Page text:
As might be expected for forces engaged in simultaneous operations in Iraq and Afghanistan plus additional contingency, support, and training operations spanning the globe, America’s land forces continue to defend the nation and its international interests at an operational tempo that was not imagined just a decade ago.
Land Force Snapshot
Just as with the operational realms of air, sea, space, and cyberspace, an overview “snapshot” of America’s land force developments and programs was provided on April 6, 2009, when Secretary of Defense Robert M. Gates unveiled his recommendations to the president with respect to the fiscal year 2010 defense budget.
“Collectively, they represent a budget crafted to reshape the priorities of America’s defense establishment,” Gates observed at the time. “If approved, these recommendations will profoundly reform how this department does business.”
With regard to troop strength, for example, Gates’ recommendations called for the full protection and proper funding of “the growth in military end-strength in the base budget,” a process that includes “completing the growth in the Army and Marines.”
In the case of the U.S. Army, that growth target remains an end strength of 547,000 individuals. However, against that end strength, Gates called for halting the growth of Army brigade combat teams (BCT) at 45 versus 48, noting that the combined force structure changes “will ensure that we have better-manned units ready to deploy, and help put an end to the routine use of stop loss. This step will also lower the risk of hollowing the force.”
Land forces will also be direct beneficiaries of the defense secretary’s budget recommendation to increase intelligence, surveillance, and reconnaissance (ISR) support for the warfighter in the base budget “by some $2 billion” and the $500 million increase to field and sustain more helicopters.
But, in terms of land force program planning and development, few of the budget recommendations will have the impact of Gates’ decision to “significantly restructure the Army’s Future Combat Systems [FCS] program.”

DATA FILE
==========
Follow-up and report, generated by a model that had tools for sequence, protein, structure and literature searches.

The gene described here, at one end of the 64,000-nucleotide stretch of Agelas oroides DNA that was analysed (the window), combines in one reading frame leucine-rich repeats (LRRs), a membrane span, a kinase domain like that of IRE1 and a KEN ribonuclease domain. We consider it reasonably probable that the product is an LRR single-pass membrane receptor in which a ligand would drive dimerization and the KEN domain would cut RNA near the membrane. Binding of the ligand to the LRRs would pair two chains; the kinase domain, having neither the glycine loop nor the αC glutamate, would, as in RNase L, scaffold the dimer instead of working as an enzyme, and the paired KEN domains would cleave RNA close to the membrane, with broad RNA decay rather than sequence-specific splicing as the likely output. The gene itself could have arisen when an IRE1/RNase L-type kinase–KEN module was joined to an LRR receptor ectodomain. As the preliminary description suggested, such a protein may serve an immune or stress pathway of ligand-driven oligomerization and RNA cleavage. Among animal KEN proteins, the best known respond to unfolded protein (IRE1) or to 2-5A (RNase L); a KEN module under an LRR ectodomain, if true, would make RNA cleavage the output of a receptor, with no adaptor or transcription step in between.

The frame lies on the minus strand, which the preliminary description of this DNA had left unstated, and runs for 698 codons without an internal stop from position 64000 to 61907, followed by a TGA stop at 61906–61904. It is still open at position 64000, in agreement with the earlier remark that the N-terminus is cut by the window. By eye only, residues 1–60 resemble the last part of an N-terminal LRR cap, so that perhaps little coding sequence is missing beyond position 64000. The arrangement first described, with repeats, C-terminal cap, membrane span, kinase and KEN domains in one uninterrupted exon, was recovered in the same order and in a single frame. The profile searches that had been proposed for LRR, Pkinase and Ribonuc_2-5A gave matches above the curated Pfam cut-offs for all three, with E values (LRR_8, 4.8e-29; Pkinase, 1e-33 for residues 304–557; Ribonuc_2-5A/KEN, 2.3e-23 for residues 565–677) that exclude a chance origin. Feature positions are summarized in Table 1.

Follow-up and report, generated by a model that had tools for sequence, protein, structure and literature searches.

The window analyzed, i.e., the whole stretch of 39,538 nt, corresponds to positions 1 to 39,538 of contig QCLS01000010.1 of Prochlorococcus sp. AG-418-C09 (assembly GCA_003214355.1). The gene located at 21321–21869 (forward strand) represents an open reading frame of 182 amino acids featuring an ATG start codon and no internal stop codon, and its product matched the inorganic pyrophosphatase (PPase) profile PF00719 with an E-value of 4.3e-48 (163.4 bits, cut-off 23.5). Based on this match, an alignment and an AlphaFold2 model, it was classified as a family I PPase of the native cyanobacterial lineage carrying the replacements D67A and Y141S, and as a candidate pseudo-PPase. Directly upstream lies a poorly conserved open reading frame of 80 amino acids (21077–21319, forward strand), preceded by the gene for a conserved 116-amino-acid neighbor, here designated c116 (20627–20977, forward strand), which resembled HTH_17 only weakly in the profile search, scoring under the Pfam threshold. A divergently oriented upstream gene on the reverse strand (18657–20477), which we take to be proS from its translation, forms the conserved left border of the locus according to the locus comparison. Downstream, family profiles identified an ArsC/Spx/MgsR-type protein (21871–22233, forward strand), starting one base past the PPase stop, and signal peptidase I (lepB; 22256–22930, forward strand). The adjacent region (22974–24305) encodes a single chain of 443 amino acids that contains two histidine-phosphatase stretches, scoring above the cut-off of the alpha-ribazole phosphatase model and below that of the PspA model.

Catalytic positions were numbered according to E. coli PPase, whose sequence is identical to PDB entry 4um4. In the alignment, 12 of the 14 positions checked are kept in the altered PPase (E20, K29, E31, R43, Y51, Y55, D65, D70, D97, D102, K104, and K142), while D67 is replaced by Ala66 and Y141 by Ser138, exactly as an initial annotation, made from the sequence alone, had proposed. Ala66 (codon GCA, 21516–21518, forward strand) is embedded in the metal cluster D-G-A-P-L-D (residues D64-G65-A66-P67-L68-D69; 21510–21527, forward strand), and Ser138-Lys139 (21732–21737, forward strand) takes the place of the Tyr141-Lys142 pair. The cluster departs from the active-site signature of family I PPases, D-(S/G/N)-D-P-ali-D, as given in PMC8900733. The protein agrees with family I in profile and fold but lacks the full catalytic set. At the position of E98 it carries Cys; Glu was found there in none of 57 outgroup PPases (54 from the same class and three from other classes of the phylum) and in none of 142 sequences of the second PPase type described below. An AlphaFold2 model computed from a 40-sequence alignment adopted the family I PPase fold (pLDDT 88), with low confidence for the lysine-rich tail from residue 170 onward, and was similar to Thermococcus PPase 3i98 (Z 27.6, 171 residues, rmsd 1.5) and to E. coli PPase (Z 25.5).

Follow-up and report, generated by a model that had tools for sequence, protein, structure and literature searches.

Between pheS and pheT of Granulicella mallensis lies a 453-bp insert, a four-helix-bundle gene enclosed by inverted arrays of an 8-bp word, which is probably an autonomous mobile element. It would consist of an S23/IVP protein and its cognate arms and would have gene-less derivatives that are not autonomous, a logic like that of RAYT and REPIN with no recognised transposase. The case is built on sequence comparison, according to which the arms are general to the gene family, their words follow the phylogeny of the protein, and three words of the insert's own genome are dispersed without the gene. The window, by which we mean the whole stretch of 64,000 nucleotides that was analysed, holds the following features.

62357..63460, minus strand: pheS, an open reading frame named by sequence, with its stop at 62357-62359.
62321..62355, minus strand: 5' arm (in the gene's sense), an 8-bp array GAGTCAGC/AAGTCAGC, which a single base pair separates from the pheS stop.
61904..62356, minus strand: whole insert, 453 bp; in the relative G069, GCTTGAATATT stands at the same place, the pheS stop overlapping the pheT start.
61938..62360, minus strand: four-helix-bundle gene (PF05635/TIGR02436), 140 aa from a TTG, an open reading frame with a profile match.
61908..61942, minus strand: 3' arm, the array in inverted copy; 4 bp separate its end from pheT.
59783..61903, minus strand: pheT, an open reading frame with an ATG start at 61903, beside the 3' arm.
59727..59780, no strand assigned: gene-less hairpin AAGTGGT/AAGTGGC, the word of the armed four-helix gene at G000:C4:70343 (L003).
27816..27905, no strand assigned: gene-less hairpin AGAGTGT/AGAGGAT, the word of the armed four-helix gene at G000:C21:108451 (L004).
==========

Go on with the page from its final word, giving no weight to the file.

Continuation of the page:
“We will retain and accelerate the initial increment of the program to spin out technology enhancements to all combat brigades,” he said. “However, I have concluded that there are significant unanswered questions concerning the FCS vehicle design strategy. I am also concerned that, despite some adjustments, the FCS vehicles – where lower weight, higher fuel efficiency, and greater informational awareness are expected to compensate for less armor – do not adequately reflect the lessons of counterinsurgency and close-quarter combat in Iraq and Afghanistan.
The current vehicle program, developed nine years ago, does not include a role for our recent $25 billion investment in the MRAP [Mine Resistant Ambush Protected] vehicles being used to good effect in today’s conflicts.”
He continued, “Further, I am troubled by the terms of the current contract, particularly its very unattractive fee structure that gives the government little leverage to promote cost efficiency. Because the vehicle part of the FCS program is currently estimated to cost over $87 billion, I believe we must have more confidence in the program strategy, requirements, and maturity of the technologies before proceeding further.
Accordingly, I will recommend that we cancel the vehicle component of the current FCS program, re-evaluate the requirements, technology, and approach – and then re-launch the Army’s vehicle modernization program, including a competitive bidding process. An Army vehicle modernization program designed to meet the needs of the full spectrum of conflict is essential. But because of its size and importance, we must get the acquisition right, even at the cost of delay.”